Everybody likes new things. And the advertising practices of the past 50 years have deepened and solidified our hunger for new things beyond the limits of common sense.
How else to explain the mad dash to ditch a perfectly good smartphone when a new model (that is functionally 97% identical to the old model, and light-years better than the phones of 5 years ago) is released? IT managers were not hallucinating when they observed an increase in broken phones when a new iPhone was released. You can’t have bread & circuses without the bread.
Guns are not immune to this trend. When something bigger/smaller/faster/shinier comes out, we all salivate a little. Senator Phil Gramm once described the size of his arsenal as “more than I need, but not as many as I want”. A smart consumer should mitigate his/her urge to acquire new hardware with the knowledge of: budget priorities, how easy it will be to get ammo/parts/accessories, reliability of warranty coverage, and whether or not the gun is chambered for a caliber that he/she already supports. No one is saying that those are rules to adhere to at all times. But you need to weigh all the factors against your personal situation before deciding. Bullets without a gun to shoot them are as useless as a gun with no bullets.
Kahr Arms has been pursuing a 2-tiered product strategy for a few years now. When they entered the market, they sold high-quality pistols at pricepoints higher than Glock. They now sell a high-end version of a gun, as well as a low-end version. The potential benefit is access to a category of customers that normally wouldn’t be considering your product. The risk in such strategies is that you might negatively impact the sales of the high-end gun more than you gain from the sales of the low-end gun; and that you might dilute your brand’s perception. The vendor must be careful in designing their product tiers to clearly differentiate the tiers for the customer.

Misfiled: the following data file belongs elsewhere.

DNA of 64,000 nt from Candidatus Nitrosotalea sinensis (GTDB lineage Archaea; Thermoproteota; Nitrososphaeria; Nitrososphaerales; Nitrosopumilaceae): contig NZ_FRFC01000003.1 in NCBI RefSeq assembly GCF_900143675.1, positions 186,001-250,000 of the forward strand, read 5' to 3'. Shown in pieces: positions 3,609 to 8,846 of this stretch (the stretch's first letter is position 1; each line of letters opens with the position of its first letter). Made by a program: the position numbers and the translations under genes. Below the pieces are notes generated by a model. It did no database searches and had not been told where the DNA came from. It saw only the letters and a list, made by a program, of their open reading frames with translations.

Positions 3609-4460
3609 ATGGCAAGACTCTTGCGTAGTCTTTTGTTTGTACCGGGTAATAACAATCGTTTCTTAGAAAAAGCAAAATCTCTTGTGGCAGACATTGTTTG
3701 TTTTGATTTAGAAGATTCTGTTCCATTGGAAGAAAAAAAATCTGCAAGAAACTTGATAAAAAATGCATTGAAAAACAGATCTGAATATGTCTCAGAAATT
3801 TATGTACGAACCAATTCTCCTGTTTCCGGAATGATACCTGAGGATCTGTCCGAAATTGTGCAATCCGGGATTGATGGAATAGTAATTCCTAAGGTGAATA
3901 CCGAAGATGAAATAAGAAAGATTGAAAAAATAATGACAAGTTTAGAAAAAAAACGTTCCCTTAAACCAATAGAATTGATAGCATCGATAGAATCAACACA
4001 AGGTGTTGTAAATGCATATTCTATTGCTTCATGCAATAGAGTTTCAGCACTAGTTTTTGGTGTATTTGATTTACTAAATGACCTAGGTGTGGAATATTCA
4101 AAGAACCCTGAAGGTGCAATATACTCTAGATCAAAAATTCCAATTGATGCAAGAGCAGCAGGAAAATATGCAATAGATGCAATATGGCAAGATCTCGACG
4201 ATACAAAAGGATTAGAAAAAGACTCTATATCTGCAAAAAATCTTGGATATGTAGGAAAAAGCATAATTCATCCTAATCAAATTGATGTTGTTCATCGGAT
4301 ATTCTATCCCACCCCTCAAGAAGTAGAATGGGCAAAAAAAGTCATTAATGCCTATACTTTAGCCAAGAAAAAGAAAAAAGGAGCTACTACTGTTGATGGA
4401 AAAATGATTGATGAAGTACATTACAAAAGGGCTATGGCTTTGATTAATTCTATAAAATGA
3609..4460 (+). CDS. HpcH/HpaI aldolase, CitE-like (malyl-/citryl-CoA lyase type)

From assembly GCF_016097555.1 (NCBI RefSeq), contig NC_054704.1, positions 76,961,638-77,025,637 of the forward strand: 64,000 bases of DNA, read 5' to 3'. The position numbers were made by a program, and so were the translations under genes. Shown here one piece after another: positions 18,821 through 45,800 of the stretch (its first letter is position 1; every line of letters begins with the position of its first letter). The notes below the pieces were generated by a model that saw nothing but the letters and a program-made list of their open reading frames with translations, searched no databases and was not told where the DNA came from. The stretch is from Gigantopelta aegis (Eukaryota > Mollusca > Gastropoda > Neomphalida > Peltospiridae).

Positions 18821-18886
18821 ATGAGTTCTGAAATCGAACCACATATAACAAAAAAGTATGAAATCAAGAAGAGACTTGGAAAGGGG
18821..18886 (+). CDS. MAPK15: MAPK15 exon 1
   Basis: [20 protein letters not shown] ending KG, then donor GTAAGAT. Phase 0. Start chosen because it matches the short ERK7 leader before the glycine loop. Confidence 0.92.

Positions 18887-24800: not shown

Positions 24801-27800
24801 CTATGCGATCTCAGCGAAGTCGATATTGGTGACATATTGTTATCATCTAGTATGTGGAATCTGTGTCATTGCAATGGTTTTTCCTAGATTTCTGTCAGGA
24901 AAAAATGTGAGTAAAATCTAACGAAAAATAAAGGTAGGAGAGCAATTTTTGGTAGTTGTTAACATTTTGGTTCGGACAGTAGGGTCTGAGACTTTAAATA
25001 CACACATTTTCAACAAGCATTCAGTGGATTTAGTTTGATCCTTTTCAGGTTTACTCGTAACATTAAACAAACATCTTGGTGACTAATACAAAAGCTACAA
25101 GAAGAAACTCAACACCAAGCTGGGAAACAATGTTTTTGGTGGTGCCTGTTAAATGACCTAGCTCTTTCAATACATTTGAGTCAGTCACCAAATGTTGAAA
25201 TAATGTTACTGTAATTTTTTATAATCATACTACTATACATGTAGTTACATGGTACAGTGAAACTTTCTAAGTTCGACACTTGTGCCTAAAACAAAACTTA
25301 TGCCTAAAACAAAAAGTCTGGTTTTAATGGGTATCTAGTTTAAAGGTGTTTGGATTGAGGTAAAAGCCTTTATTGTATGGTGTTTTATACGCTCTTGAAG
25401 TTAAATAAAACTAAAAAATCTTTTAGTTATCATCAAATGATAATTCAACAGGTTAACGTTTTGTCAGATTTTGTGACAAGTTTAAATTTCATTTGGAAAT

A story has been circulating in the gun blog world, a podcast interview with a crime victim as well as the original AR15.com thread where he posted his story.
After listening & reading, I (like many others) believe that there are lessons to be learned from this man’s unfortunate experience.
What those lessons are may depend heavily on the biases that you bring to the analysis.
This guy has beaten himself up plenty over this incident, and I am not trying to pile on. But he made some major errors that are entirely correctable.
A company in Georgia is claiming to have technology to make Smart Guns viable.
“According to Miller, had smart gun technology been available to Nancy Lanza, she could have programmed her guns so that only her fingerprint could have activated them; she could have enabled her son to shoot them at a firing range and disabled them upon returning home, or she could have enabled them for her son to use all the time, Miller said.